This year, as we celebrate the 50th anniversary of the US Open, we’re counting down the 50 most memorable moments in the history of America’s Grand Slam. Today, we take a look back at No. 25.
Only an elite cast of individuals has so sweepingly influenced a major tennis tournament the way Andre Agassi did at the US Open. As an 18-year-old with long hair, distinct clothing and an unmistakable swagger, Agassi captured the imagination of the American sports public with a stirring run to the semifinals. He won the tournament twice in the 1990s – once when he was among the favorites and on another occasion when he was unseeded.
Agassi was Agassi, and there really was no one quite like him. He had been a controversial figure when he was young and sometimes rambunctious, but over the years, as he moved out of his teens, through his 20s and into his 30s, he had become increasingly and immensely revered. Now, at 36, with his body breaking down and his physical resources significantly diminished, Agassi came to New York to conclude his career at his favorite tournament. He was saying goodbye to his followers.
Somehow, despite suffering through pain that was almost tangible, Agassi gave the aficionados a taste of what they wanted, when he came through a tumultuous five-set, second-round match against the charismatic Marcos Baghdatis, winning 6-4, 6-4, 3-6, 5-7, 7-5. But the monumental effort he put in to survive that skirmish left Agassi totally spent.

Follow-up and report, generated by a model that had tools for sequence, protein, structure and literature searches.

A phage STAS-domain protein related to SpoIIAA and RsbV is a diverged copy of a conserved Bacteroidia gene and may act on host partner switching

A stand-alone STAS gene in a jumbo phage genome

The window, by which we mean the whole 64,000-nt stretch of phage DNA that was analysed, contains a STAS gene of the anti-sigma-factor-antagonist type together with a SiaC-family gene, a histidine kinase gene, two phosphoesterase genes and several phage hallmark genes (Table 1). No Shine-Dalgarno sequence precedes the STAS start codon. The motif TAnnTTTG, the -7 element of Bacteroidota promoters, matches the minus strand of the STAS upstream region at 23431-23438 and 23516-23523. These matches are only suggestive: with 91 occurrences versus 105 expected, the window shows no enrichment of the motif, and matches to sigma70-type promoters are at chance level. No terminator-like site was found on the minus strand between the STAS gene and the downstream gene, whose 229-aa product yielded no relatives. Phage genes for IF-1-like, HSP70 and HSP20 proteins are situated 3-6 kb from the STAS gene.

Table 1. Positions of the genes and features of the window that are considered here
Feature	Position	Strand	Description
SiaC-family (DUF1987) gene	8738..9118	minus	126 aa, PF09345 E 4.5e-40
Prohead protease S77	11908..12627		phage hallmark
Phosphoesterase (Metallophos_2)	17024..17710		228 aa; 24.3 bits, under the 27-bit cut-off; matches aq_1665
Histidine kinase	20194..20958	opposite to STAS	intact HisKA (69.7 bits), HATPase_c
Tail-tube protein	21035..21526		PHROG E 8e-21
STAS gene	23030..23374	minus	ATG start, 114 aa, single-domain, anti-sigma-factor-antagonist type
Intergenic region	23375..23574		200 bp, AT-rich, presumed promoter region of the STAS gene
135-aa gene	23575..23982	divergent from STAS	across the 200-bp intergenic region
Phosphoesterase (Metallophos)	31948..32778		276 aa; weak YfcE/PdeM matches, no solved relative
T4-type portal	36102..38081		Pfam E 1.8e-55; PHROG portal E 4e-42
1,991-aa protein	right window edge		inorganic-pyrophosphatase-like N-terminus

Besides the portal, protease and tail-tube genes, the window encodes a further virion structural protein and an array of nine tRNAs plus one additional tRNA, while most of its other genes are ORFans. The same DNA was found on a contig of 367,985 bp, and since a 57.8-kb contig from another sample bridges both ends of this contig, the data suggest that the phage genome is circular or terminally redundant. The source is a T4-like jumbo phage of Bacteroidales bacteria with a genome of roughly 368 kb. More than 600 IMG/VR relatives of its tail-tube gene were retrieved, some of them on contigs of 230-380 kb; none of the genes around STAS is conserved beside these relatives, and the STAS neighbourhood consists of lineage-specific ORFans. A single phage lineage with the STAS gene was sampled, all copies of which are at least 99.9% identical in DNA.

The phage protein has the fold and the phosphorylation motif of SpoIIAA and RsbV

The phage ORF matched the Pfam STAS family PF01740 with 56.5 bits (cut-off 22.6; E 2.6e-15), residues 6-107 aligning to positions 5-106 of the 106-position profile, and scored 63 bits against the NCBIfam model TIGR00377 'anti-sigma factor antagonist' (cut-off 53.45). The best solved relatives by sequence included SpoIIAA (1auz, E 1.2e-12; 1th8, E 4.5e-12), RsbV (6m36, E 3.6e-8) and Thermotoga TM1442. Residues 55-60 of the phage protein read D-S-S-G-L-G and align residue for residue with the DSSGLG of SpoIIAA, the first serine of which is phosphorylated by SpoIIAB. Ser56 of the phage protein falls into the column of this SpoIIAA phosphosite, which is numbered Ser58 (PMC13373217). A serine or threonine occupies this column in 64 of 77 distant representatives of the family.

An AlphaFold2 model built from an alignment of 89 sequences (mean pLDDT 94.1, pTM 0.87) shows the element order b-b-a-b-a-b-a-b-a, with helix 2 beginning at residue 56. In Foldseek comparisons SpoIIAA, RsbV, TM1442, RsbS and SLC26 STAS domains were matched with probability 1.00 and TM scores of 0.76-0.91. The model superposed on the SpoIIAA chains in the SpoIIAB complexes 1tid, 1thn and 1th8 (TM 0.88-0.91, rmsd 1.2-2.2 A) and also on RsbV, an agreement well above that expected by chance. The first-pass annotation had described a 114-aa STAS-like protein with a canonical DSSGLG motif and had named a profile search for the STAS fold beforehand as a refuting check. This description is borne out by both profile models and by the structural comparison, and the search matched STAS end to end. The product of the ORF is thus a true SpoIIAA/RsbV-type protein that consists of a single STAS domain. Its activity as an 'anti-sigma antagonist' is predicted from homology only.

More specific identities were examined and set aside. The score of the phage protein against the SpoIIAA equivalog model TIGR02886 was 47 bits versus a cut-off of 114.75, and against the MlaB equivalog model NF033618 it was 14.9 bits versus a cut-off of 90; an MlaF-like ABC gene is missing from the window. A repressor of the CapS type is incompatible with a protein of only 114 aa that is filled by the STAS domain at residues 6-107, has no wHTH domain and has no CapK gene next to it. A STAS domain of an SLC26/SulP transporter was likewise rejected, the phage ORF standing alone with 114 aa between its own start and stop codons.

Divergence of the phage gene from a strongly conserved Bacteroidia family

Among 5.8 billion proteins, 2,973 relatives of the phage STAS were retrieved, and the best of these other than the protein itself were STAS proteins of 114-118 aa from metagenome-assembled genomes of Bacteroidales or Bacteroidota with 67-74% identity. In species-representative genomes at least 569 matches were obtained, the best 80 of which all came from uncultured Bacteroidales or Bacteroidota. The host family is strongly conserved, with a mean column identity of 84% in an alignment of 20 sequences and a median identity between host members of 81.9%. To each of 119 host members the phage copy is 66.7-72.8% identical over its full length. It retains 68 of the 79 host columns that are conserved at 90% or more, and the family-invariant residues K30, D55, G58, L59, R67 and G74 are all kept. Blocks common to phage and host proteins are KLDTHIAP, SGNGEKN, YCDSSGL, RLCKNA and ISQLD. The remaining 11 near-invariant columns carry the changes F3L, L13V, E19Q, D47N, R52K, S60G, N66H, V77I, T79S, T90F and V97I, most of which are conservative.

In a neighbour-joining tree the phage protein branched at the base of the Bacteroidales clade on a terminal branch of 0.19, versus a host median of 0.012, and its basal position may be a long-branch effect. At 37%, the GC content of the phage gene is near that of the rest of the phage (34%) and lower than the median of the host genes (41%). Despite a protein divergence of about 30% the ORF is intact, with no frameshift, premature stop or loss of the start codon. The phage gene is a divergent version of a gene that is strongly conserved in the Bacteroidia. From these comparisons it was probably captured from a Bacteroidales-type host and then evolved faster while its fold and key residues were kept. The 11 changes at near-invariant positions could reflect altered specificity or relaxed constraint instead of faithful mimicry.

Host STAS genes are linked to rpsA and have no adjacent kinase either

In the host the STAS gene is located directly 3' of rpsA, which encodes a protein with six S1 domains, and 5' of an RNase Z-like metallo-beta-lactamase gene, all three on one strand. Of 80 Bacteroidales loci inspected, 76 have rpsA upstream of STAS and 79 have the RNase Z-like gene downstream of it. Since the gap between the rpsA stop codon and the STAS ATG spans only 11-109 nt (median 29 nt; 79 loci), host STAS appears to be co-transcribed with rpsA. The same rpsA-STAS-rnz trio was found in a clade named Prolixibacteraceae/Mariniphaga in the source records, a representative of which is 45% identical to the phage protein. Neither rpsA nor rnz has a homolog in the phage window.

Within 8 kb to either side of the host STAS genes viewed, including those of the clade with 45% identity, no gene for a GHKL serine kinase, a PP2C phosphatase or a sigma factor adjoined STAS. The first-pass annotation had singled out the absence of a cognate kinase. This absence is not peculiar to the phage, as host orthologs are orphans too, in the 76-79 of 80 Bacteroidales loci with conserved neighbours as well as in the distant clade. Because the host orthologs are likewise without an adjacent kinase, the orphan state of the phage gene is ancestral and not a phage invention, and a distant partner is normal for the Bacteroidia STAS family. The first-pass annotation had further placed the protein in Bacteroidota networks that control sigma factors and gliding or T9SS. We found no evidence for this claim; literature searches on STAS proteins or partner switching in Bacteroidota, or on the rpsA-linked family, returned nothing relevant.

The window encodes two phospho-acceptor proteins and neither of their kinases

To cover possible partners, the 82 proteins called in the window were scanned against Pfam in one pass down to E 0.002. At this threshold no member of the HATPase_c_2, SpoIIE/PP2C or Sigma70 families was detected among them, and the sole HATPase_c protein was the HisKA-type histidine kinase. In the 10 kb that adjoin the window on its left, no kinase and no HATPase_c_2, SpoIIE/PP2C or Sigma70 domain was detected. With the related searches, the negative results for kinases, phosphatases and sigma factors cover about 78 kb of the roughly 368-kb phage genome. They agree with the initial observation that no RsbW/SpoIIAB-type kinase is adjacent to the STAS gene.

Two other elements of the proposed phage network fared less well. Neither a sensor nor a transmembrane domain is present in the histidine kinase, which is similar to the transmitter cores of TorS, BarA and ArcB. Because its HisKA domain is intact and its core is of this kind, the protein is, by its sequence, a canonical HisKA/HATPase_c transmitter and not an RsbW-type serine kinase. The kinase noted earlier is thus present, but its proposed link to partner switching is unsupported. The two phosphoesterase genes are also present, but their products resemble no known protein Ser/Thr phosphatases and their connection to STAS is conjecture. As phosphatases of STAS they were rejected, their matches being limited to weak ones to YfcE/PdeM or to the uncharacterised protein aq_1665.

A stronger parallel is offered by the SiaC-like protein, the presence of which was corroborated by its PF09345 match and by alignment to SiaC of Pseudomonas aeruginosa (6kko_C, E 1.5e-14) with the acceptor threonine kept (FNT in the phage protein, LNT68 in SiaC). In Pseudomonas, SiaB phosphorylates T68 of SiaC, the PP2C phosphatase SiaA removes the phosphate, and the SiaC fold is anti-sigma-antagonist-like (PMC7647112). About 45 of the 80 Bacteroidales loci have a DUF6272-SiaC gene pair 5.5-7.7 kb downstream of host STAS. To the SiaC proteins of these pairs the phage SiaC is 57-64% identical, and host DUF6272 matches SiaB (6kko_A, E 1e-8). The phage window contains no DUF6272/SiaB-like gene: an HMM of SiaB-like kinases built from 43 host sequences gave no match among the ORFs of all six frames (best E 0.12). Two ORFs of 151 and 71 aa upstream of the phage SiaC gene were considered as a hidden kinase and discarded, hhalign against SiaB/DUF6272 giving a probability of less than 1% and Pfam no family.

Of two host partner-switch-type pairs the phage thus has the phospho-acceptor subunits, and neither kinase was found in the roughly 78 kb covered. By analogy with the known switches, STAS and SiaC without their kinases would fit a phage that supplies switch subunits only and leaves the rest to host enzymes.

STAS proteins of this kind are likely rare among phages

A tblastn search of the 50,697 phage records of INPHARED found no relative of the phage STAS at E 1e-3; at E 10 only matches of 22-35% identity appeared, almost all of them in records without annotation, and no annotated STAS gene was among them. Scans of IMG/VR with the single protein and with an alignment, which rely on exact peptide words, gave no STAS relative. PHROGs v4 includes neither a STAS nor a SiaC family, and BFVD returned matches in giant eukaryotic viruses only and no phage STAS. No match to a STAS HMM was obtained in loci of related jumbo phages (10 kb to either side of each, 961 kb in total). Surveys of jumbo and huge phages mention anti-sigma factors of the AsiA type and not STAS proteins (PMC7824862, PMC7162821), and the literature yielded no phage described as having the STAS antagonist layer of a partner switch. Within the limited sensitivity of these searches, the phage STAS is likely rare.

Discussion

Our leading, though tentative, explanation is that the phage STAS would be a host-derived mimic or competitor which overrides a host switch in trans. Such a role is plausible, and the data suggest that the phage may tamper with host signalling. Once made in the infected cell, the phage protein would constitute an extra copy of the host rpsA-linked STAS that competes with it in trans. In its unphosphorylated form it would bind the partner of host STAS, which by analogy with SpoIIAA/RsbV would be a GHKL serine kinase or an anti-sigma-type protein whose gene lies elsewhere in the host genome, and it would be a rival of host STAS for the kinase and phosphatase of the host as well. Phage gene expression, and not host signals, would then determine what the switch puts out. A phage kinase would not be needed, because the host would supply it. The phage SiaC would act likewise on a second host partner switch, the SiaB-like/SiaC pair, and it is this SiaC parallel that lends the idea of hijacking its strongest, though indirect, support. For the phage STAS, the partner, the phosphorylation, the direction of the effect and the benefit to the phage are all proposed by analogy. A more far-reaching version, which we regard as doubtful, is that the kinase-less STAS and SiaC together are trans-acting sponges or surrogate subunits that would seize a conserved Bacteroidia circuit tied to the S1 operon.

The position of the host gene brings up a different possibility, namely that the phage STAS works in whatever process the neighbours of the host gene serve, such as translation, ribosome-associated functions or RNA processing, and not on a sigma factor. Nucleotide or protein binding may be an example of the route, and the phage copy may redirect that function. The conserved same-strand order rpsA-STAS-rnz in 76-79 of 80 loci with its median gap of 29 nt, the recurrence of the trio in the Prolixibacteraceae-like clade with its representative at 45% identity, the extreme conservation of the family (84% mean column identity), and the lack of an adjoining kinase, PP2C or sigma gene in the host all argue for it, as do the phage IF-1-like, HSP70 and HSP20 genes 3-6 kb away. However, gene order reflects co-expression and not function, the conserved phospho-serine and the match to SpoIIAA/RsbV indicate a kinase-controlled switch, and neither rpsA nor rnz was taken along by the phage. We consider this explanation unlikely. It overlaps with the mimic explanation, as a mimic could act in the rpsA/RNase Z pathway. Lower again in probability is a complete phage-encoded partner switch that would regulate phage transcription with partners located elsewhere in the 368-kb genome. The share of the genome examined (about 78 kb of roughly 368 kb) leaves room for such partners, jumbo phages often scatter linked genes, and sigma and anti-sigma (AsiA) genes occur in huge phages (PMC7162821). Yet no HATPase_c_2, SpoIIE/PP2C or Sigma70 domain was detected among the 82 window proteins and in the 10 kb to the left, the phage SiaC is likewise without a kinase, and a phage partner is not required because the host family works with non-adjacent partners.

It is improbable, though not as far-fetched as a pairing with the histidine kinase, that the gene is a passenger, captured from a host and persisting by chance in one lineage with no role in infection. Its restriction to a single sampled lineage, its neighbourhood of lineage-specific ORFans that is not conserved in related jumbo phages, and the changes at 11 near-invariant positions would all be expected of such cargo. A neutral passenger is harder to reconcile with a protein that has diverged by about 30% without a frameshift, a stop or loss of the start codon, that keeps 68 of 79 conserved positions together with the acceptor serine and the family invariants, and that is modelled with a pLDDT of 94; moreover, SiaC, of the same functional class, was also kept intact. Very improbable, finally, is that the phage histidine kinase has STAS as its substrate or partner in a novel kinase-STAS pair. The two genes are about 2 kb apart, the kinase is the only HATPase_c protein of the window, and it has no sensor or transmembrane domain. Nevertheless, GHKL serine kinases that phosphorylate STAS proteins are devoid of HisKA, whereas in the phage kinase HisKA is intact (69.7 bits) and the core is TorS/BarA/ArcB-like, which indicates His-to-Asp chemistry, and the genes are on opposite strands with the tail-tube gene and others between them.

He faced Germany’s Benjamin Becker – a career journeyman – in the third round and bowed out in four sets. It was a hard-fought battle from the backcourt, but Agassi was clearly compromised. He lost, 7-5, 6-7, 6-4, 7-5. It was the last tennis match of a storied career. He had played every Open from 1986-2006 without interruption.
Yet the match paled in comparison to Agassi’s emotional address to the near-capacity crowd in Arthur Ashe Stadium that memorable Sept. 3 afternoon. With his voice breaking and tears flowing, wearing his heart essentially on his sleeve, Agassi said, “The scoreboard said I lost today. But what the scoreboard doesn’t say is what it is I have found. Over the last 21 years, I have found loyalty. You have pulled for me on the court and in life....
"You have given me your shoulders to stand on, to reach for my dreams, dreams I could never have reached without you. Over the last years, I have found you, and I will take you and the memory of you with me for the rest of my life.”
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